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Arena Marketing Report Hidden 

Councilmembers unaware of report showing lukewarm fan interest

A marketing report that appears to have been buried by the city staff showed a lukewarm response among potential basketball fans to buying tickets to events at a new arena. Most of those surveyed seemed willing to try out the new arena once it's built, but only on a limited basis at first.The report, which also made general design suggestions for the arena, emphasized the importance of making the new uptown arena a "populist," "unpretentious" place with a main lobby that makes everyone entering the building feel welcome. Then in the next paragraph, it says a private club bar -- which wouldn't be open to general admission ticket holders -- should overlook the entrance.

"The theme of unpretentiousness should be communicated through the use of non-opulent finishes," the report reads. The consultant's report, which cost the City of Charlotte $150,000, never defined "non-opulent finish," but made it clear that the "populist" theme at the new arena wouldn't go so far as allowing general admission fans into bar and dining areas restricted to high-priced seat and suite holders.

The report warns against creating "exclusionary environments," but at the same time suggests that the food vendors located closest to mid-court should be "differentiated" from others further away with additional food offerings, since they're located closer to premium seating.

The report was produced by IMG Solutions, which is part of the sports consulting company founded by Max Muhleman, who helped Hornets owner George Shinn bring the team to Charlotte. Muhleman has been a longtime supporter of the city's effort to build a new arena uptown, and at times helped the campaigns for a new arena by writing pro-arena editorials and speaking to groups.

Because the fee for the study was buried in a list of arena budget expenses which city staff initially told him were for legal services, Charlotte City Council member John Tabor was surprised to find that the staff authorized $150,000 for the study. Tabor had never seen the study when we asked him about it. The inch-thick report, which was delivered to the city staff in November, wasn't passed on to council members, say Tabor and council member Don Lochman, neither of whom were given a copy.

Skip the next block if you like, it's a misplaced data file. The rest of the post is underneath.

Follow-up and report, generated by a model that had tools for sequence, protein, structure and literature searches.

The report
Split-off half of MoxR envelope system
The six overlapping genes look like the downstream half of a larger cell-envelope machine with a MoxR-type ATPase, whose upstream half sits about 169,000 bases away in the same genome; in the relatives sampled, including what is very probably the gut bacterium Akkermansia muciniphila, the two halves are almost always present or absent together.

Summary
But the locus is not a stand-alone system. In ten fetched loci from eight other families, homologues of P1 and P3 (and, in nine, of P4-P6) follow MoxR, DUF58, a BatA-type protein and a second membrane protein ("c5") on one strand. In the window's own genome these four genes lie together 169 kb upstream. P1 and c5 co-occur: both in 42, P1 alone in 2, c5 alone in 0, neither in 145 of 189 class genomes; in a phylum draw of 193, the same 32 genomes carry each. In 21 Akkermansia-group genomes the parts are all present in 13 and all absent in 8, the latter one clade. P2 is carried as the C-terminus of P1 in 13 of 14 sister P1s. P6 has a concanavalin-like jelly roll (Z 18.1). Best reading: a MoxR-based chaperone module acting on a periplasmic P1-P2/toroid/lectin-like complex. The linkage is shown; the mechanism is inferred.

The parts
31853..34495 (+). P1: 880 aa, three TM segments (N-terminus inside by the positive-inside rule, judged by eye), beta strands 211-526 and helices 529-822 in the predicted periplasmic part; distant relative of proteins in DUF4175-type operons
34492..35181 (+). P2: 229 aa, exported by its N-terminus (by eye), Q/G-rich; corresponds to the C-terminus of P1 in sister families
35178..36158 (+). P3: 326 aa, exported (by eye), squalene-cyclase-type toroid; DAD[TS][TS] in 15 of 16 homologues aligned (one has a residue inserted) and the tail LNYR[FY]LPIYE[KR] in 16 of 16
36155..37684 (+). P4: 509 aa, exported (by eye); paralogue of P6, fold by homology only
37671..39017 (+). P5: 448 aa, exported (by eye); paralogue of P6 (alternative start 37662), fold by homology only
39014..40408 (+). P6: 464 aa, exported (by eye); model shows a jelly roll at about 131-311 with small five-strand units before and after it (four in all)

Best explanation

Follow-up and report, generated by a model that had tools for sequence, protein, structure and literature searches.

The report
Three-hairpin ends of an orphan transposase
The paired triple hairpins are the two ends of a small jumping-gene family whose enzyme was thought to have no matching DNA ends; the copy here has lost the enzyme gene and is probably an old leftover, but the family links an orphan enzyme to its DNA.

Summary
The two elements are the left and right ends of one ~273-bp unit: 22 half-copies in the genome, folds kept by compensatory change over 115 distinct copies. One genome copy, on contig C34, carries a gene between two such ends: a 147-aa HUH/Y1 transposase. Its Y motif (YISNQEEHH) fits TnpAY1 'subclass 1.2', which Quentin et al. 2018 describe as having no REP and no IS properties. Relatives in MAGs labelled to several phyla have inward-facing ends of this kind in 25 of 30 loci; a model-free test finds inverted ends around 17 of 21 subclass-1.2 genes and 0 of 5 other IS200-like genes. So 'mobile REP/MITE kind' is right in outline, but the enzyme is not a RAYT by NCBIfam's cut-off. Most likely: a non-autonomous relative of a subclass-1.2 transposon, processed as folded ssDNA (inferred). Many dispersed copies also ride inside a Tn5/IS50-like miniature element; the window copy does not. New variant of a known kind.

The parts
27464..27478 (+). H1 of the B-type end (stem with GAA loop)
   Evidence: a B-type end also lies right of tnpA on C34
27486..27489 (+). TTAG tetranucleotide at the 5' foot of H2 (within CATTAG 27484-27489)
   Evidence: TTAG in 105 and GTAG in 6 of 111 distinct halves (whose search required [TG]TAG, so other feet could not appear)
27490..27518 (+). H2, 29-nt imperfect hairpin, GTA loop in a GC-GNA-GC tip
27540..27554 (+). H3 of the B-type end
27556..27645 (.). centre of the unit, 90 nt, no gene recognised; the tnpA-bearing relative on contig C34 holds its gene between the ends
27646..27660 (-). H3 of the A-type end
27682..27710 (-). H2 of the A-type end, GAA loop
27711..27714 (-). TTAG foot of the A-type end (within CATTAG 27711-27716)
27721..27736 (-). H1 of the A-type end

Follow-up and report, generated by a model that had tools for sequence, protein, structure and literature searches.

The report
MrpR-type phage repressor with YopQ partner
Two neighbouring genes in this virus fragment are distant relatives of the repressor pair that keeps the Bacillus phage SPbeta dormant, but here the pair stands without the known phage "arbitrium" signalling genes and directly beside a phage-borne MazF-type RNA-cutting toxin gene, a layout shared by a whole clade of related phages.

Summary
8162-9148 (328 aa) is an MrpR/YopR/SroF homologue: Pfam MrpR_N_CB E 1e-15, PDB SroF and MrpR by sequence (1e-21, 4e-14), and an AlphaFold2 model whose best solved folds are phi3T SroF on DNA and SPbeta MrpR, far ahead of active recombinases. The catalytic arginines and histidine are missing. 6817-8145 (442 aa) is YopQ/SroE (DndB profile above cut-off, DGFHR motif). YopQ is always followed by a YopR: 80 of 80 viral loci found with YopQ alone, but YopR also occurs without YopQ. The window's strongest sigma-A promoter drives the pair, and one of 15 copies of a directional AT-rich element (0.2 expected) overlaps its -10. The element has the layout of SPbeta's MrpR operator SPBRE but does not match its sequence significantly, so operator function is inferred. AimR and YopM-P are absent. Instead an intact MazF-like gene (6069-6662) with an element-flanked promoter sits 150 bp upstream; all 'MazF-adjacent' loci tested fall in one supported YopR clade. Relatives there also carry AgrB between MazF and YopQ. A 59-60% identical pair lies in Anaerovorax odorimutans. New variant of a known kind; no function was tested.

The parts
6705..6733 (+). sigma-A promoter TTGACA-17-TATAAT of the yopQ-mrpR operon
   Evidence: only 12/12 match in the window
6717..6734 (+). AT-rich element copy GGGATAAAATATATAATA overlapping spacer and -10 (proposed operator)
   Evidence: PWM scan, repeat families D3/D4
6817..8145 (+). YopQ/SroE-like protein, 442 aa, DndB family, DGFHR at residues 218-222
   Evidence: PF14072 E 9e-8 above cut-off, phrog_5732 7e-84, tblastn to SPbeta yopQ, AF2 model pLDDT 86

The consultant's report, which analyzed the desires of potential ticket buyers, found that new ownership is not a decisive factor for most potential ticket buyers and that the "pains and anger" engendered by the previous team ownership remains. On the flip side, people are excited by the prospect of a new arena downtown as long as the building is a "unique" one.

"The eagerness for an exciting new building will likely turn negative if the new arena is a look-alike," the report says.

If the report is an accurate indicator, city leaders will have difficulty accomplishing their goal of having pedestrians stroll to the new arena after work. Several respondents who work downtown said they'd have to drive home to get the kids first. And they want parking at reasonable rates within two to three blocks of the arena, an important factor which the report says "will weigh strongly in their perception of their game and event experience." Whether those spaces will be available to general admission ticket holders is unclear, since the report recommends that club and suite holders be given parking passes and that parking space location preference given to suite holders. Populism, as we know, won't stretch all the way to the parking decks.

The report also found that season tickets are no longer the rage with potential NBA fans, as they were when Charlotte built its first arena on Tyvola Road. According to the report, potential fans had moderate to low levels of interest in buying season tickets. Instead, they were interested in single-game ticket purchases or mini-packages of 10 to 12 games.

While many of the 245 people surveyed indicated that they were excited by the prospect of a new arena and a new NBA basketball franchise, the study also noted that many fans say they have "lost interest" in the NBA. Reasons cited include "street ball style," fewer recognizable names and quality of effort and the attitude of some players.

"There appears to be a significant amount of indecision among higher income, most-capable season ticket buyers," according to the report.

There was only a small positive interest in buying permanent seat licenses, or PSLs. Those surveyed said their interest in PSLs might be greater if a PSL entitled the seat owner to first right of refusal for tickets for non-NBA events such as concerts. While IMG did not appear to have seriously analyzed the interest in corporate suites, it noted that during a business-led drive last year, there were 62 expressions of interest in leasing the 70 luxury suites the arena will likely hold.

IMG Solutions predicted that average game attendance would be 13,000 to 14,000 with an aggressive marketing campaign, and that an especially compelling building design could add at least 1,000 more.

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